Southwest Florida is putting her heat back in place. The mornings are cool and damp, each day more than the day before. I sip my coffee out on the lanai to be present to the dawn chorus: the “wacheer-wacheering” of Cardinals, Black-bellied Whistling Ducks calling like a wild band of squeaky toys and flying a sloppy “V” formation similar to Canada geese, the mysterious rustling of Something in the woods. The next door neighbor clued me in to what was making all those cone-shaped holes in the yard: armadillos hunting for breakfast.
White-eyed Vireos sound to me like they are saying: “S**T, see if I care, S**T,” which is kind of a rude way to remember the song of such a lovely bird but I can promise you birders use weirder tricks than that to help them identify a bird by ear. I actually learned that mnemonic while on a Cape May field trip led by a nationally known bird expert, Pete Dunne, so there you go, I learned from the best.
Palm Warblers pump their tails as they flit through the branches, a perpetually annoyed Mockingbird rails at the school buses roaring by, then flutters off to chase another of its own kind. Northern Parulas drip from the trees, another Mockingbird just labored by with a 6-inch twig in its bill. The Red-shouldered Hawks spy on us daily from the telephone wires overhead-they drive Toby crazy- until the Kestrel chases the hawk away. The Red-bellied Woodpeckers jab holes in the spoiled oranges left on an unkempt tree slumped between our house and the one next door. For a week, a Chuck-Will’s Widow (a BIRD, not a surviving spouse) has been calling from the dark woods. I finally saw it, barely, on the road the other night, after dusk. The call it makes, over and over all night long sounds like it’s saying its name, I was thrilled to record it but for the life of me, cannot figure out how to post my own recording here, dang. Click on the name and the link will send you to the Cornell Lab of Ornithology, whose Macauley Library has the largest archive of wildlife sounds and videos in the world.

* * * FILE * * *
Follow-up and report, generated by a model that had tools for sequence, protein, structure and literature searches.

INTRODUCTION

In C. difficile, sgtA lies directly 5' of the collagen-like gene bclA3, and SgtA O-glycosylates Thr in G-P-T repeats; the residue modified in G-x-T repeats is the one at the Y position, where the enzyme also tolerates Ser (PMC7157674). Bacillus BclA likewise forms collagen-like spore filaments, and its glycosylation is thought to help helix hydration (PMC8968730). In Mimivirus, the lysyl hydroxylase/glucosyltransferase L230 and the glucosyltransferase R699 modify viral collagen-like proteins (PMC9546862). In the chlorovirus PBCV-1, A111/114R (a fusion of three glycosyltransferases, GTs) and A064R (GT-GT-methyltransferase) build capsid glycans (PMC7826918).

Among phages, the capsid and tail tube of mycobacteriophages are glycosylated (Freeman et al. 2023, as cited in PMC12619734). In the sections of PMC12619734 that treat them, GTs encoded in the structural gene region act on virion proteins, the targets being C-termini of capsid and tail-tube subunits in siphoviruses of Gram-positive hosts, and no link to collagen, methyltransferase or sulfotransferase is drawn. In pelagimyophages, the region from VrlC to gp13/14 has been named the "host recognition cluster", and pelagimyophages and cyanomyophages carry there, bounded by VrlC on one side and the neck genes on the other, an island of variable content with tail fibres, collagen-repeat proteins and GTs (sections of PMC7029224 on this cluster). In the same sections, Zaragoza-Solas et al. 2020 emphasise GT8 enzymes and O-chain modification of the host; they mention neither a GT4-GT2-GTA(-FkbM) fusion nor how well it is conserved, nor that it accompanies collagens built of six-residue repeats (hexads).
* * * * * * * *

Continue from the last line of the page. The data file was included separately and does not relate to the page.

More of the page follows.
The back yard of our rental property is a mini-jungle, a sample of the larger tracts Toby and I walk past every day. Palmettos everywhere with their switchblade fans, there are more invasive Brazilian Pepper trees than Florida Republicans, there is some nameless pink-leaved shrub back there along with Mexican Petunias, and a gangly old cactus loafs in the middle of them. God knows what else is back there. If you look low and to the left of the neighbor’s fence, you will see a clearing and a path from the comings and goings of the neighborhood bobcat.